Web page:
Rivera’s state title school year’s top story

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Rivera’s state title school year’s top story

Springstead 113-pounder Richie Rivera finishes off a takedown against Lleyton Taylor of Riverdale in their quarterfinal match in Class 2A state meet action. Rivera won 5-0. Photo by Matt Pfiffner/Citrus Chronicle

With the school year coming to a close in Hernando County, the time has come to reflect back on the 2016-17 prep sports season.
Success was spread out, with all six FHSAA-sanctioned schools boasting at least one district championship team, and the county had an Elite Eight squad in all three seasons, fall, winter and spring.
Here are the top three stories from the past 10 months of action:
1. Rivera overcomes adversity for state crown
It certainly wasn’t a shock that Springstead senior wrestler Richie Rivera collected a state championship back on March 4, during the Class 2A FHSAA Finals at Silver Spurs Arena in Kissimmee.
What wasn’t anticipated was the terrible circumstances that would surround that meet for both Rivera and his team. The Eagles had barely had time to settle in upon arriving the night before the two-day tournament began when Rivera’s father, assistant coach Richard Rivera, suffered a stroke.
Going back and forth between the hospital and the arena, the younger Rivera somehow maintained his focus, going 4-0 to claim the title at 113 pounds. In the final he pinned Brandon’s Trey Lane, who won a state championship at 106 the previous year, in 5:06.
“It was amazing,” Springstead coach Bob Levija said afterward. “It was one of the most amazing things I’ve ever experienced, that he could stay that focused and wrestled the way he did.
“He wrecked everybody. He was just really on.”
Nearly three months later, Richard Rivera is still working to overcome the complications from his stroke, according to Levija.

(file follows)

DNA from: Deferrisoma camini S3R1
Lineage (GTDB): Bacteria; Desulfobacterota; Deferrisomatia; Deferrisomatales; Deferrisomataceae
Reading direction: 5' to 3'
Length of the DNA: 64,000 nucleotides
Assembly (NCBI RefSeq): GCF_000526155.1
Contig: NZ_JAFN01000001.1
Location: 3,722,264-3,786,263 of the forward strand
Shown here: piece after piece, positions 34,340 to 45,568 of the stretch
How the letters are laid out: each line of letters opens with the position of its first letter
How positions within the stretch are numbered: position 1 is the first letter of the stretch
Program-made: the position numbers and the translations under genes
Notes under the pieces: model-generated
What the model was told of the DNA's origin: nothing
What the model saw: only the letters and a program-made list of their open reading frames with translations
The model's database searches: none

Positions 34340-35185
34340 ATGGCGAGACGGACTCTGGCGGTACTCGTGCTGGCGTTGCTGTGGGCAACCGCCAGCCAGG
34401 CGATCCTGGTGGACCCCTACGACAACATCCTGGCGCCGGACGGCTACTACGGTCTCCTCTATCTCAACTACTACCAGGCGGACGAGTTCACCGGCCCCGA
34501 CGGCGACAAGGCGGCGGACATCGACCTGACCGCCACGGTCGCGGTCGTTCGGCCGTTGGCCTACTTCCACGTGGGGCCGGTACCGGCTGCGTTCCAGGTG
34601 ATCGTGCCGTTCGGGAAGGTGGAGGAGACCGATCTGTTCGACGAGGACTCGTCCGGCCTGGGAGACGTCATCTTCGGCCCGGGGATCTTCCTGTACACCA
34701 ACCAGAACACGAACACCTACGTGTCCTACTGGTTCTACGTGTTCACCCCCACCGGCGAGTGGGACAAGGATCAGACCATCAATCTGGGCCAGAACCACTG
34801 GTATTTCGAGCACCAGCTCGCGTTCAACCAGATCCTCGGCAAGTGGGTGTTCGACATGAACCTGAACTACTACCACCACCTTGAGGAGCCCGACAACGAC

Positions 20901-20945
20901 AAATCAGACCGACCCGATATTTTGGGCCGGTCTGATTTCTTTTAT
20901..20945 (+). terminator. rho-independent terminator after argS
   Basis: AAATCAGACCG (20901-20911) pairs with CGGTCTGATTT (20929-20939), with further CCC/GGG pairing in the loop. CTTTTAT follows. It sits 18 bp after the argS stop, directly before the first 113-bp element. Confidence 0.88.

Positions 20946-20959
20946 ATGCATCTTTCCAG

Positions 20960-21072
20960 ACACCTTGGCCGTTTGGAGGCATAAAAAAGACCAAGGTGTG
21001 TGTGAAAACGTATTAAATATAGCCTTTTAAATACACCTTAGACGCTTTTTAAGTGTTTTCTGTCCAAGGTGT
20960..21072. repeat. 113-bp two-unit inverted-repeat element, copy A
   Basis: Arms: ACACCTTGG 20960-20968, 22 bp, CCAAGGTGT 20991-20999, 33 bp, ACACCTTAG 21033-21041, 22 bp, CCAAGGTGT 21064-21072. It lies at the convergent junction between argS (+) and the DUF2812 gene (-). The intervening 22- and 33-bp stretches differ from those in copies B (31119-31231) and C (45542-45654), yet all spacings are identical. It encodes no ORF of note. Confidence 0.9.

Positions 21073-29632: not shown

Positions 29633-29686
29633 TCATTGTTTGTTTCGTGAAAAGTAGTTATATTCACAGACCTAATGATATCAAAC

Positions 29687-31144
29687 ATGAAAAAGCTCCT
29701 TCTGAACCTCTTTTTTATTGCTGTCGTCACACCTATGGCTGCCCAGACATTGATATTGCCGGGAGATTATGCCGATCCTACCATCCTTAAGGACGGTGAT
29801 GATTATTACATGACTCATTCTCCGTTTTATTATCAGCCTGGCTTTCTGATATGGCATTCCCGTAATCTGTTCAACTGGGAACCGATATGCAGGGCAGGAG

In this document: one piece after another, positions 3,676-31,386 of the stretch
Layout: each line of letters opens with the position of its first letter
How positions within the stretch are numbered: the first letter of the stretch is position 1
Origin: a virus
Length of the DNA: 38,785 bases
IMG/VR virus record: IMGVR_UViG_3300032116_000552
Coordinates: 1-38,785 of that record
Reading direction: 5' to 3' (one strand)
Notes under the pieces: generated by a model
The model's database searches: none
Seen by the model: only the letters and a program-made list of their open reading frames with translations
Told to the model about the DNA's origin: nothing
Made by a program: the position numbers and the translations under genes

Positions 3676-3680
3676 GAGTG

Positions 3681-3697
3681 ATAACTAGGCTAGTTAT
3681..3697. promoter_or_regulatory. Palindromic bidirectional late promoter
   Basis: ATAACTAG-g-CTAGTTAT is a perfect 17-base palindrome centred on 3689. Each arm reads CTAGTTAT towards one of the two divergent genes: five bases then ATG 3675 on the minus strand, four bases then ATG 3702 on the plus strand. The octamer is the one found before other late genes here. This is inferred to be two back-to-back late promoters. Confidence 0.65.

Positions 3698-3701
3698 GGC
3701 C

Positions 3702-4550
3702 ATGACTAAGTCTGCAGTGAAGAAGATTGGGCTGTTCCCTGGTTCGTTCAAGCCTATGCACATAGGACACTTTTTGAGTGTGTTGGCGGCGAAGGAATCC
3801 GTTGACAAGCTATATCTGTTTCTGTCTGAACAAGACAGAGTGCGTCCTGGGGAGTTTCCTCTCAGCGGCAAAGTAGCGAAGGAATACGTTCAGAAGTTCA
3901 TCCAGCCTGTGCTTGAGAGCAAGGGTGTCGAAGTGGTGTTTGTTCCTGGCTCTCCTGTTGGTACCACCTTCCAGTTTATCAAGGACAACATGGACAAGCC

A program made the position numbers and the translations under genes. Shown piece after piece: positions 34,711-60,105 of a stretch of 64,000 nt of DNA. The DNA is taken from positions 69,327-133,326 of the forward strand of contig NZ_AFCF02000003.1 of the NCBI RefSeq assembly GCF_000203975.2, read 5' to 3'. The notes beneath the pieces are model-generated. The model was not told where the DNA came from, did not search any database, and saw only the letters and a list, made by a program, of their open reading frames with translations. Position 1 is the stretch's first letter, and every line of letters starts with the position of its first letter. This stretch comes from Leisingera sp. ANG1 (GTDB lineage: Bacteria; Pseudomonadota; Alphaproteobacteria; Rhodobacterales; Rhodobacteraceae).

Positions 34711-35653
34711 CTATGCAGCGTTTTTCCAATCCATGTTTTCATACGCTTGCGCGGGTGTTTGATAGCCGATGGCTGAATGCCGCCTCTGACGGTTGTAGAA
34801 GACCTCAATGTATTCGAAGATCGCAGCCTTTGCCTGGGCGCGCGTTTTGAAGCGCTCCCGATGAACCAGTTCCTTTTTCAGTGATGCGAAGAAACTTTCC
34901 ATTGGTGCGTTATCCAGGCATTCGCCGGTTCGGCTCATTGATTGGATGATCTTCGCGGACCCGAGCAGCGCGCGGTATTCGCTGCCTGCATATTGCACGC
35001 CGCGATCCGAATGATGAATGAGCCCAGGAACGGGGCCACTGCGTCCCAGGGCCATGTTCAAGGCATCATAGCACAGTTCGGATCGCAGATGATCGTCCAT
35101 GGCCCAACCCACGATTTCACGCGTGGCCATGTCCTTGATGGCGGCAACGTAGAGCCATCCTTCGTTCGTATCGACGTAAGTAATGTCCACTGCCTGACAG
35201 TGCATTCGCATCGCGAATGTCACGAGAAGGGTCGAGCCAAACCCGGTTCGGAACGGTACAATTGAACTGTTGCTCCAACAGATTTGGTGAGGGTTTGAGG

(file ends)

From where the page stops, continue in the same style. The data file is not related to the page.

Central senior De'Vonta Smith led the state with 2,913 rushing yards and was named a Parade All-American. Photo by Alice Mary Herden

2. Smith shines in spotlight
Back in 2015, as Nature Coast running back DeShawn Smith put together one of the finest seasons in state history, it was difficult for his cousin, Central’s De’Vonta Smith, to garner the notoriety he deserved.
With his cousin having graduated, the stage belonged to De’Vonta Smith and the senior delivered with a state-leading 2,913 rushing yards and 37 touchdowns, leading the Bears to a 6-4 record, their first winning campaign since 2007.
Smith ran for at least 376 yards five times over the course of the season, including a single-game county record 491 yards (and county-record tying eight touchdowns) against Weeki Wachee on Sept. 23.
For his efforts, Smith was a Parade All-American honorable mention selection and signed with Division I Appalachian State.
“It was good. I had a lot of big numbers,” Smith said at the end of the season. “I had a lot of fun and I’m going to miss high school football. It meant a lot to me. I loved everything about it and I’m going to cherish all of it, wins, losses and otherwise.
“In the offseason I set a goal for myself that I would lead the state in rushing yards. So I made sure I worked hard enough, and every game I went out there and worked extra hard to get where I’m at now.”

Nature Coast's Robert McAfee shoots over the extended arm of Central's Brian Eck. Photo by Cheryl Clanton

3. Central, Nature Coast take boys hoops rivalry to next level
In the span of 10 days, Central and Nature Coast’s boys basketball teams produced perhaps the two most monumental intercounty games in Hernando history.
The Bears hadn’t won a district crown since 1997, hadn’t defeated the Sharks in 17 tries dating back eight years, and Nature Coast hadn’t lost a single game all season when the two rivals met in the Class 6A, District 7 title game on Feb. 11 at Citrus High.
A raucous crowd that made its way to Inverness witnessed Central pull of a stunning 67-59 victory, a mere precursor to a Sweet 16 rematch on Feb. 21.
Never before had two county foes met in a regional contest, and the atmosphere reflected the historic occasion. There was a deafening, standing-room-only crowd in the Bears’ gym that night, when the Sharks gained redemption with a 70-48 win that was far more competitive than the final score indicates.
“We’re still district champs,” Central head coach Matt Zandecki said that night. “This one hurts, but they can’t take that away from us. We still get a trophy. Nature Coast is going for a regional championship, that was one of their goals. But we took away one of their goals, one of their goals was to win a district championship.”
“District championship was a tough loss,” Nature Coast forward Kaine McColley said. “They knocked us down, but we knocked them out.”
Follow Chris Bernhardt Jr. on Twitter @cpbernhardtjr.